Paris after Charlie…

Two weeks ago, life in the ‘City of Lights’ took an unexpectedly dark turn. I don’t believe I will forget the moments of those 3 days. Ever.

In hind sight, it would not be correct to say that I was directly affected by what happened at Charlie Hebdo, my suburb in Malakoff, or the Hyper Cacher grocery in Porte de Vincennes. I am alive and well. There was no gun pointed in my face, or those of my work colleagues. I did not endanger my life when I went to my local grocery store, nor while I was walking down my street. My biggest inconvenience during those 3 days was simply switching from my normal metro line so I could make it home.

In reality, my life is very much the same as it was before these terrorist acts, and I am SO thankful that is the extent of my experience. Yet…at the same time, it would also be wrong to say that I was completely unaffected. In fact, it wasn’t until these few days that I fully understood why acts of terror are labeled  as such.


A simple word, yet so powerful. It’s meant to create panic, a feeling of hysteria, and loss of control within. In those 3 days, with each new attack and new location, I began to understand why extremists incite violence in this way. You see, even though those were only moments of mild terror, a million thoughts ran through my head frantically. It was likely that I was not in immediate danger, but I simply didn’t know. I began to think things like:

“Will this madness ever stop?”

“Where will they be next??”

“Is it safe to go out, or should I stay home?”

“Should I take public transport? Will people be in a panic?”

“Should I call my parents? I have no idea what the media is showing them.”

“That could have just as easily been me…”

It seems almost silly when I think about it now, but that’s the point, their goal—to make us react irrationally to the situation, stop our daily activities, hide in fear, and halt our way of life. So while those feelings of terror are sensations I would much rather never experience again, I’m glad I can now understand and recognize them. I’m glad I know now the capacity necessary to put those feelings aside and live my life normally, to refuse to cower in fear. I discovered that I have the capability to stand alone and with others to defend the rights of freedom of expression and worship, and in that way, we have beaten them.

I would consider the Unity Rally on the 11th of January one of the most powerful moments of my life to date. To stand side by side with people of every age, ethnicity, background, nationality, and religion in solidarity…it is a magical thing.

There were more than 40 different world leaders present and millions just in Paris alone. It was calm and peaceful, a beautiful gathering of people banded together against hate, intolerance, and needless violence. I will hold that close to my heart forever.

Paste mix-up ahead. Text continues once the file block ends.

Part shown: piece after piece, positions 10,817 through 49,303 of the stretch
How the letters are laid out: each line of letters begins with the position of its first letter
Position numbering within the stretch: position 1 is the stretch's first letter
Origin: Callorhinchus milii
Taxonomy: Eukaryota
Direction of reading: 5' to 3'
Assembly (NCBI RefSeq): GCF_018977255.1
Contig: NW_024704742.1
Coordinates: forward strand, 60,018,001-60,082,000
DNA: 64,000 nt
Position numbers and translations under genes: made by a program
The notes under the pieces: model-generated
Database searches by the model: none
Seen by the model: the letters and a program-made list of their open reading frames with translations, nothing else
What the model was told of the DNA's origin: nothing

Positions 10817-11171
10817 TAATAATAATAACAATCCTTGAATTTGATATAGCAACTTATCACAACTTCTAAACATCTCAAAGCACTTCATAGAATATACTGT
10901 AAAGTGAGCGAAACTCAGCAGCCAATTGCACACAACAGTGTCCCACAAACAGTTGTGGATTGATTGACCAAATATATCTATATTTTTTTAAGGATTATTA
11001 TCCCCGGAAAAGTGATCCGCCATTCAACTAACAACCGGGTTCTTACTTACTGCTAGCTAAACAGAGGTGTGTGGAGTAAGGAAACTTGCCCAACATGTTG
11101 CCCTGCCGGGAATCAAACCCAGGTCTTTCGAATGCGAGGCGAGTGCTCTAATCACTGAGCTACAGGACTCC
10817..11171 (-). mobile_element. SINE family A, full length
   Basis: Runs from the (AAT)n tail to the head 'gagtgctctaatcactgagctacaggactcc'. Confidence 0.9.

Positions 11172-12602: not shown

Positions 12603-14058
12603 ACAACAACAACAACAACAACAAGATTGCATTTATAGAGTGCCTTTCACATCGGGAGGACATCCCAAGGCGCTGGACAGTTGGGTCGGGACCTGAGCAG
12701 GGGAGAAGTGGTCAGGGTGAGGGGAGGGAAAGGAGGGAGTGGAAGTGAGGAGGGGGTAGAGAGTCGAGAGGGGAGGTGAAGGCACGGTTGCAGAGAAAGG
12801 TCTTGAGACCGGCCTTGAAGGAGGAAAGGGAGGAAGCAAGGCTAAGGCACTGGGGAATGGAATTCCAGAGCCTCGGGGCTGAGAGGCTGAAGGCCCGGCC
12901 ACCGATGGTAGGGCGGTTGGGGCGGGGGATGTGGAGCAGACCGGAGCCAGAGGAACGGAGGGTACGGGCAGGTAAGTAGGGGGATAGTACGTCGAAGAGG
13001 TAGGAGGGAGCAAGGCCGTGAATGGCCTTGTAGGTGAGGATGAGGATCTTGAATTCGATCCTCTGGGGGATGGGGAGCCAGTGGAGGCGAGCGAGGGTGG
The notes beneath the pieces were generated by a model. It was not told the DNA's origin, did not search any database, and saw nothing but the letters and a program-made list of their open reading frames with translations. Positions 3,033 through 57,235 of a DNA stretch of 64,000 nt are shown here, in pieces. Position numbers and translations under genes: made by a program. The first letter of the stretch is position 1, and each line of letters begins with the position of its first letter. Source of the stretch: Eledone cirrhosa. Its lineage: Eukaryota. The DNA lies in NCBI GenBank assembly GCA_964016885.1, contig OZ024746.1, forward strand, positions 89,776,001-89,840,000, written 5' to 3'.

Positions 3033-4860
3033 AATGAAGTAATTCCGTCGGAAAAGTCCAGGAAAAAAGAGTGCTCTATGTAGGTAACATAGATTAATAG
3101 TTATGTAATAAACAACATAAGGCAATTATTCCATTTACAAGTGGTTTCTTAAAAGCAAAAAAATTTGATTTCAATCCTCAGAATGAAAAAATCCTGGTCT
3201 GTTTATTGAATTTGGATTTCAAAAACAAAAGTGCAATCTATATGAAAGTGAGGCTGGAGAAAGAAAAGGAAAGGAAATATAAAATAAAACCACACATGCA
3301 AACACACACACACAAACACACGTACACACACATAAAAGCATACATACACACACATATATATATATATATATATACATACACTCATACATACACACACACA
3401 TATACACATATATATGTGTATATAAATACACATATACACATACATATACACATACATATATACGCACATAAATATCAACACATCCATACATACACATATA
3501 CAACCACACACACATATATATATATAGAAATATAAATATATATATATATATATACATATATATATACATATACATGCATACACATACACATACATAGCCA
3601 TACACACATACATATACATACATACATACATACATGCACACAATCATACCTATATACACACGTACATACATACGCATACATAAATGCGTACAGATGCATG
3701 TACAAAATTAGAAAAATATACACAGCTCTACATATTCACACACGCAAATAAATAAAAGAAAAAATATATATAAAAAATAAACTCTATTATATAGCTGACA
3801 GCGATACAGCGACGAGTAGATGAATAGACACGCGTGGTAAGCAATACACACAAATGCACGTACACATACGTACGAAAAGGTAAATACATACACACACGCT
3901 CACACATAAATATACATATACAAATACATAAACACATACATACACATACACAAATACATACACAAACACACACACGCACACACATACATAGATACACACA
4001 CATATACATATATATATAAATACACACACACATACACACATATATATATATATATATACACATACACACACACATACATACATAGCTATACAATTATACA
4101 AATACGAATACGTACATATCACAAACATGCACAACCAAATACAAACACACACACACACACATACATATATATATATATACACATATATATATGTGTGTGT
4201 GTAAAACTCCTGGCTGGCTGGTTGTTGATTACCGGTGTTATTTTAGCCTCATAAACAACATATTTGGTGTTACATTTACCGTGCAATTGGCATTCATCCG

Of course, some would argue that it was a bit of a sham having many of these world leaders stand together to defend freedom of expression. They make a valid point based on track records. Yet, fault me if you will, I am an eternal optimist. While I do agree that some could be seen as hypocrites, I do also believe that a step towards change has to begin somewhere. We have to open a dialogue in any manner available. Could this be it? Could this be a start? Perhaps, this rally has planted seeds for a better and fruitful future. Perhaps it can provide a platform for leaders to work together and stop the atrocities that are happening in places like Nigeria at the hands of Boko Haram or ISIS in Syria. It is worth a try.

In truth, my one and only disappointment was America’s lack of representation at the rally. This was a moment to stand with EVERYONE, and we missed it.  We simply missed it. Please understand, I completely agree the President, himself, comes with a hefty security package.  However, his presence wasn’t a necessity, but SOMEONE’S was. Our own US Attorney General, who was IN Paris already, simply didn’t show up. How embarrassing. How rude. How…sad.

It was not the right message to send to the global community, and that I will also never forget. In a moment when we should have stood in solidarity, stood against the twisted use of a peaceful faith to harm innocent people with violent acts, sadly, we were not. We were painfully absent.

So how is Paris after Charlie?

She lives. Bright and beautiful, shining her lights of La Tour Eiffel brilliantly. She still laughs and sings. She still simultaneously scowls at and welcomes tourists to her streets. Yet, she does this with a bit more caution. There are armed guards in the airport, by government buildings, and the metro. A left bag gets more attention than it used to attract, and you see reminders everywhere in the battle cry of “Je suis Charlie” at the cinema, in the paper, on buildings.

You also see the strength of the French people, and that for me, has made all the difference. Paris will not stop. She will not be afraid. She is and will continue to be a place for free-thinkers, artists, lovers, and dreamers, and I’m still abundantly blessed and lucky to call her home. ❤


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